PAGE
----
Historical Garden Books: The gardeners dictionary: containing the methods of cultivating and improving the kitchen, fruit and flower garden, as also the physick garden, wilderness, conservatory, and vineyard (1735) by Philip Miller – 20 in a Series

Archive.org has a host of old gardening books (from mid-19th to mid-20th Century) available in many formats and on a host of topics. I happened across a few in my Pinterest feed and gone completely down the rabbit hole in this treasure trove of information. Sure some ideas might be out of 

Historical Garden Books: The gardeners dictionary: containing the methods of cultivating and improving the kitchen, fruit and flower garden, as also the physick garden, wilderness, conservatory, and vineyard (1735) by Philip Miller – 20 in a Series

Historical Garden Books: The gardeners dictionary: containing the methods of cultivating and improving the kitchen, fruit and flower garden, as also the physick garden, wilderness, conservatory, and vineyard (1735) by Philip Miller - 20 in a SeriesHistorical Garden Books: The gardeners dictionary: containing the methods of cultivating and improving the kitchen, fruit and flower garden, as also the physick garden, wilderness, conservatory, and vineyard (1735) by Philip Miller - 20 in a Series

Historical Garden Books: The gardeners dictionary: containing the methods of cultivating and improving the kitchen, fruit and flower garden, as also the physick garden, wilderness, conservatory, and vineyard (1735) by Philip Miller - 20 in a SeriesHistorical Garden Books: The gardeners dictionary: containing the methods of cultivating and improving the kitchen, fruit and flower garden, as also the physick garden, wilderness, conservatory, and vineyard (1735) by Philip Miller - 20 in a Series

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More information on this book:

Publication date 1735
Publisher London, Printed for the Author
Digitizing sponsor UMass Amherst Libraries
Contributor UMass Amherst Libraries
Language English
Volume v.1
 

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Geodesic dome protects cob house and family of 6 in Arctic Circle via Urban Organic Gardener

Geodesic dome protects cob house and family of 6 in Arctic Circle via Urban Organic Gardener
 

When you think about living in the Arctic Circle you often imagine a modern structure with modern facilities. Truth be told, architecture has a long history of keeping a good idea over the years. That is why this cob house under a geodesic dome is all you need in order to have a good life even in difficult circumstances. The house is hand-built by the Hjertefølgers family. The geodesic dome over it is glass-paned and provides a comfortable life as well as a good environment to grow their own food. Located on the island of Sandhornøya, in Norway, the 5 bedroom-home spans over 3 levels and is solar powered! Take a virtual tour of every room to get a glimpse into what it means to live this way. Watch the incredible story of the `Nature House`, how it was raised and how it is living in it now.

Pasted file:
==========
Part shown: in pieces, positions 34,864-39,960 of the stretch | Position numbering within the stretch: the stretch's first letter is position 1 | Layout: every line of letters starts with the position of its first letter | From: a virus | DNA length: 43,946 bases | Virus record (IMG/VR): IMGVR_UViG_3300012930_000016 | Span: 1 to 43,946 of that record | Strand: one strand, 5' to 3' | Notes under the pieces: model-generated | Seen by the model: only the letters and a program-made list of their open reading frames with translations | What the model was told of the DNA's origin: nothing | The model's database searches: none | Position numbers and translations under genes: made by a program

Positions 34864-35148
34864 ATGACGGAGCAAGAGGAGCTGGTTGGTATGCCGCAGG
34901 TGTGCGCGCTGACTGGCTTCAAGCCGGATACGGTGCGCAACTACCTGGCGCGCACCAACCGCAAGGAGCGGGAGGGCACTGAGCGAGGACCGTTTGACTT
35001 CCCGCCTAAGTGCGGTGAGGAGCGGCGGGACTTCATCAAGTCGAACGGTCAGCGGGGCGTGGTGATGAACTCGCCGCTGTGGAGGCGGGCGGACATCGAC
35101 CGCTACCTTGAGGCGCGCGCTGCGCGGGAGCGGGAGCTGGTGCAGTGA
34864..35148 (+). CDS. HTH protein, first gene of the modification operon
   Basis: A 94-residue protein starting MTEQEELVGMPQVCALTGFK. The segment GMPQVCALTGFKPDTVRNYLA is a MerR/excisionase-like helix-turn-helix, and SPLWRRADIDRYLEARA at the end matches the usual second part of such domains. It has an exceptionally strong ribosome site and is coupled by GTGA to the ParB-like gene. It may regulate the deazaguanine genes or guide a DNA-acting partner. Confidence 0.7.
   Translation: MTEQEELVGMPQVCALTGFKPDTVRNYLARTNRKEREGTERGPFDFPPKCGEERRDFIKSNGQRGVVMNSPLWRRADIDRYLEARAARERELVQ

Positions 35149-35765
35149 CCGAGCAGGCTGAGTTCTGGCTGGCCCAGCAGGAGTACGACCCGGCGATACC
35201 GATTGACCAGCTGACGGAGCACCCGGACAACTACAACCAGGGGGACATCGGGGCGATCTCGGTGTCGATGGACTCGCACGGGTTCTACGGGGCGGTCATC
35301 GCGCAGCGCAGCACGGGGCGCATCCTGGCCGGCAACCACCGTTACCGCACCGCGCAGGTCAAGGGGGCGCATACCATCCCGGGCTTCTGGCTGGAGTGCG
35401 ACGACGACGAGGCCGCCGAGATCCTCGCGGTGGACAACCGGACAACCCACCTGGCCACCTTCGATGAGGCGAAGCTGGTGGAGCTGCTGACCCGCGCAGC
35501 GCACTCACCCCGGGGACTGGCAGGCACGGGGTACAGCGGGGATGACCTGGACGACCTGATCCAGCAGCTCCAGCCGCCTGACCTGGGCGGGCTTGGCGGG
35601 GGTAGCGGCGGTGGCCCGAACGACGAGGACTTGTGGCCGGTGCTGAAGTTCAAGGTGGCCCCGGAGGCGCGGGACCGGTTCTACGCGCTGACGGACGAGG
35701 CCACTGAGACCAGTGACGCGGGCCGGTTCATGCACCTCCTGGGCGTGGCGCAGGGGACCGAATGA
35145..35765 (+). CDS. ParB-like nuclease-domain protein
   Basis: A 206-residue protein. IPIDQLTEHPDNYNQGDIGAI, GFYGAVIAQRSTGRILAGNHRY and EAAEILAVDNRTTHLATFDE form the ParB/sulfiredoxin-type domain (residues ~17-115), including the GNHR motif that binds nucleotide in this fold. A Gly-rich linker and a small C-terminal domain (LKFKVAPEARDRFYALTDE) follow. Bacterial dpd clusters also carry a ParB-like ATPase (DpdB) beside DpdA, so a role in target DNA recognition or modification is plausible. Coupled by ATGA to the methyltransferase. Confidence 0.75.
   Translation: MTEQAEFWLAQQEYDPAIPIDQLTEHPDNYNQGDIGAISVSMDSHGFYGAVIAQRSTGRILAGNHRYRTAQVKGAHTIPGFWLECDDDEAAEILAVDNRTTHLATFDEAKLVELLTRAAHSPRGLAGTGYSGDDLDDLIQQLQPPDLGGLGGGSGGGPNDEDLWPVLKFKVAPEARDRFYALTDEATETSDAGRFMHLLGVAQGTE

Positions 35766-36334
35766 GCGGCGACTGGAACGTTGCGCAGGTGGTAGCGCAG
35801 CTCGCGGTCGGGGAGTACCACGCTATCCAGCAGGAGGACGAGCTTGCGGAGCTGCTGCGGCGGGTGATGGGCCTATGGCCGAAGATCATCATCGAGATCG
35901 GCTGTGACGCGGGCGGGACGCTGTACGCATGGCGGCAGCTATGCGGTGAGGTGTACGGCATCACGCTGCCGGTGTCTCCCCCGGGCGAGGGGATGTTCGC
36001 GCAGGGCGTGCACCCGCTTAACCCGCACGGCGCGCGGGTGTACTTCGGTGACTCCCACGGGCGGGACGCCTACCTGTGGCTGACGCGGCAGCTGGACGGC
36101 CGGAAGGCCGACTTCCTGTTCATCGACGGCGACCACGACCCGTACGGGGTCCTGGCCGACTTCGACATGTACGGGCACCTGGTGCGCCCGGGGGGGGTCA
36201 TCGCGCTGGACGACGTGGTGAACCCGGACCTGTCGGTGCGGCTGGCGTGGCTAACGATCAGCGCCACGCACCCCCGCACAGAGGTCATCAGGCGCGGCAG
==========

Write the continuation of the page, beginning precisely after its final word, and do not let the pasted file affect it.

Hjertefølgerne / The Heart Followers from Deadline Media on Vimeo.

 
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An interesting link found among my daily reading

1st Annual California Native And Drought Tolerant Plant Self Guided Garden Tour – Sherman Oaks Neighborhood Council – Sunday, October 21, 2018 – Noon to 3pm

1st Annual California Native And Drought Tolerant Plant Self Guided Garden Tour - Sherman Oaks Neighborhood Council - Sunday, October 21, 2018 - Noon to 3pm

Sherman Oaks neighborhood Council

1st annual California native and drought tolerant plant self guided garden tour

October 21, 2018 noon to 3 PM

  • Receive complimentary DWP lawn rebate information and materials
  • Learn various ways to conserve water and save money
  • Discuss ideas and resources on how to make your landscape quotewater wise“
  • Tour participants will be available to answer your questions

Meet at 13843 Milbank St., Sherman Oaks to begin the tour and receive a list of participating homes and water wise Gardens

 

Historical Seed Catalogs: Catalog, L. Templin Seed Company (1918) – 9 in a series

Archive.org has a host of old seed catalogs (from mid-19th to mid-20th Century) available in many formats and on a host of topics. I happened across a few in my Pinterest feed and gone completely down the rabbit hole in this treasure trove of information. Sure some ideas might be out of date, but you never know what you might find when you explore these catalogs. I’ll be sharing more catalogs as I find them in the coming weeks. –Douglas

Historical Seed Catalogs: Catalog, L. Templin Seed Company (1918) – 9 in a series

Historical Seed Catalogs: Catalog, L. Templin Seed Company (1918) - 9 in a seriesHistorical Seed Catalogs: Catalog, L. Templin Seed Company (1918) - 9 in a series

CAT31301739 0005Historical Seed Catalogs: Catalog, L. Templin Seed Company (1918) - 9 in a series

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Bits of History and F acts.

In the year 1866, the founder of this business, the late Lewis Templin, began, in a small way , the propagation and growing of Fruit Trees, Vines and Plants, on the old farm near Calla, Ohio. A few years later, when we boys grew up, (there were four of us then, and all living today) we began the mail-order Seed and Plant departments. The business grew steadily, because we always furnished the best of everything, at moderate prices, and never allowed a patron to remain dissatisfied, if they reported their trouble to us.

Thus it is that the old patrons who have traded with the house for many years, and kept telling their friends about Templin quality, have made possible the growth and continuance of the business: For a business firm cannot successfully continue for Fifty-two Years unless they deal justly and give satisfaction.